Hit/Run in 18 Wheels Of Science Fiction from Big Time Books

Image result for 18 wheels of science fiction

Big Time Books and editor Eric Miller, publishers of the trucking anthology 18 Wheels of Horror, are rolling back your way with a new book, 18 Wheels of Science Fiction.

“18 Wheels of Science Fiction – a Long Haul into the Fantastic” contains 18 short stories, all set in the trucking universe. The visionary writers in this new volume from Big Time Books deliver stories about rogue self-driving trucks, wormholes through spacetime, cyborg drivers, the eternal loneliness of life on the road, and more speculative tales. It is the follow-up to the hit anthology “18 Wheels of Horror.”

They’ll be kicking off with a mass signing at Dark Delicacies in Burbank, and I’ll be there, along with Eric Miller, and writers John DeChancie, Gary Phillips, Lisa Morton, Del Howison, Paul Carlson, Kate Jonez, Michael Paul Gonzalez, Janet Joyce Holden, Sean Patrick Traver, Jeff Seeman, Carla Robinson, and Lucio Rodriguez. Special guests Steven and Leya Booth from Genius Book Services, and possible late appearances by cover artist Brad Fraunfelter and writer Alvaro Zinos-Amaro.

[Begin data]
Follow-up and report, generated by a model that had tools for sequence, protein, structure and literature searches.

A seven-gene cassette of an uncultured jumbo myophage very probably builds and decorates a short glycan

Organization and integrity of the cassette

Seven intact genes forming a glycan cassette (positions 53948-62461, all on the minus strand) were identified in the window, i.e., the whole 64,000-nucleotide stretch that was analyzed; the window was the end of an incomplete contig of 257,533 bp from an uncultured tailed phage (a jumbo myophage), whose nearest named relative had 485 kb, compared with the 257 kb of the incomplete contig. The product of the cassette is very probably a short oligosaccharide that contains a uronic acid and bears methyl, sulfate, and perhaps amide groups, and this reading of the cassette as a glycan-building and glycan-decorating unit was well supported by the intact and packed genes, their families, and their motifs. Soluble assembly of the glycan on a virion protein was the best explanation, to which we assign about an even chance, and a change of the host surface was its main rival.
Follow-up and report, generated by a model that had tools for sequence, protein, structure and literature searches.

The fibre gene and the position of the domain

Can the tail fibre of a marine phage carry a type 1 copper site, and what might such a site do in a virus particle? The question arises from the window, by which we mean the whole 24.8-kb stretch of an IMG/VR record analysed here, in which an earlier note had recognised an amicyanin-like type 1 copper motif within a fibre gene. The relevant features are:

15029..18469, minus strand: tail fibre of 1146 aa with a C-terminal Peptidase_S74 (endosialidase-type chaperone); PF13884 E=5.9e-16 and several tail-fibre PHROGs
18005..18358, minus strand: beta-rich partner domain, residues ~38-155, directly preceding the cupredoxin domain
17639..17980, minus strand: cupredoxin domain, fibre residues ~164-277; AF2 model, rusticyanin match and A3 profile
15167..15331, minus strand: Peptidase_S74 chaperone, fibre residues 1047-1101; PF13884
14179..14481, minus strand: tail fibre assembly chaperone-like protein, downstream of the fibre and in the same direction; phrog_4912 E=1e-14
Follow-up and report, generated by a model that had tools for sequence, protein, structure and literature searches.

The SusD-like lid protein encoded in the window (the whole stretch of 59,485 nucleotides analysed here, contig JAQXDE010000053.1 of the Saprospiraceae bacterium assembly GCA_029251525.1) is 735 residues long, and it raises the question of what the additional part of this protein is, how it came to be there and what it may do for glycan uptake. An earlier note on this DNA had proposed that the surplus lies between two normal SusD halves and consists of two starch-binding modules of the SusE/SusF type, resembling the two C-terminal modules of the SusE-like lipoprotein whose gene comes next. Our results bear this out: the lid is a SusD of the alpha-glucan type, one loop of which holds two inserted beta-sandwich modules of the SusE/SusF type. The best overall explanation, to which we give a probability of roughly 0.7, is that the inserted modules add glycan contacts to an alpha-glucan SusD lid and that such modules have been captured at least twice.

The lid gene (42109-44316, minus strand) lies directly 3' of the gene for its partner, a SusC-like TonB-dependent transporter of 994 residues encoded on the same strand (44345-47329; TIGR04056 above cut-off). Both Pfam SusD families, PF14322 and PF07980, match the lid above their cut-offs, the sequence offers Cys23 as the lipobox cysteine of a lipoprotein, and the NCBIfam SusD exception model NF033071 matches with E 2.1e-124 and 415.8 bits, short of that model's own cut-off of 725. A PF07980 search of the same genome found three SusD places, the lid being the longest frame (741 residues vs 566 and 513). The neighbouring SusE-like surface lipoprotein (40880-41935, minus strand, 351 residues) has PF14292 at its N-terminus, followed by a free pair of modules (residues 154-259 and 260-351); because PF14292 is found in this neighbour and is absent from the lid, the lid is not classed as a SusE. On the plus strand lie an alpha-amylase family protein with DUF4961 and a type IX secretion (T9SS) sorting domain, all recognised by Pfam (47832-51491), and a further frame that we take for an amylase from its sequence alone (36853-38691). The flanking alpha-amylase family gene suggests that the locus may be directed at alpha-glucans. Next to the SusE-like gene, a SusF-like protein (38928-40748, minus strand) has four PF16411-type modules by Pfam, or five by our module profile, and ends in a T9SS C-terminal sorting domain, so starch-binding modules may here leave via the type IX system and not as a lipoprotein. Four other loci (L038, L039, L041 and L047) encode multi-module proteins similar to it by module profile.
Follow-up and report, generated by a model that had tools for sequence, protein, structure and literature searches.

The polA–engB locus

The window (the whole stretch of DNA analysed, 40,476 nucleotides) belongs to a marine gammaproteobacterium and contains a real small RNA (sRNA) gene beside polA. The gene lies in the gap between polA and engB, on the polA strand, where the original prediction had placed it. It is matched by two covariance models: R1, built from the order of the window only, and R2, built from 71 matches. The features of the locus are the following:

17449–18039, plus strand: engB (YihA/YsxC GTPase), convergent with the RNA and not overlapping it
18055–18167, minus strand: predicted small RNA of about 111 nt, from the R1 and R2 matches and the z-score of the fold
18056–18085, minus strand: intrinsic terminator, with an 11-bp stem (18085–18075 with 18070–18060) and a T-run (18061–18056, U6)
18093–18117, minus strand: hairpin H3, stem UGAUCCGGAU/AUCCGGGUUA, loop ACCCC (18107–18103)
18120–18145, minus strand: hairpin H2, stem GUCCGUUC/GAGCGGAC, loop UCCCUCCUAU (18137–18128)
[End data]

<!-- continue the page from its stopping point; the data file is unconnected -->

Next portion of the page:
That’s at Dark Delicacies  3512 W. Magnolia Blvd. Burbank, CA  91505 818-556-6660 on Sunday, November 4th from 4-6 pm.

My story Hit/Run involves, as you might guess, a driver who perpetrates and then flees the scene of a late night collision, only to find himself pursued at a truck stop by a pair of mysterious figures.

Here’s an excerpt –
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THE SOUND OF A STOLEN KISS of metal going down the I-10 West at 90mph was preceded by the high-pitched beeping of collision warnings, the roar of the air horn, and the shriek of tires. The collision was inevitable though, unavoidable.

The station wagon had been parked on the highway median strip on the left side of the road, an inadvisable place to pull over on a dark night. The taillights had winked on suddenly like the eyes of a predator springing from a dark bush, and before Matt could recognize the other driver’s intent, the car had pulled right into his path and gunned its engine, attempting to beat his 18 wheeler. Coming from a dead stop it had no more chance of doing that than Matt had of avoiding it.

The truck hit the right quarter panel and sent the station wagon spinning wildly off into the night like a swatted fly, the headlights and taillights flashing intermittently. It left the road and tumbled into the shallow gully off the right-hand shoulder.

The car’s horn, which the driver had not thought to use before, now blared insistently, unbroken, a prolonged wail receding as Matt pulled past. A trail of broken glass marked its passage across the black-streaked highway, glowing like bits of red rock candy in his taillights. The headlights, one atop the other, shined feebly from the depression beside the road.

Matt slowed, and started to switch to the emergency band.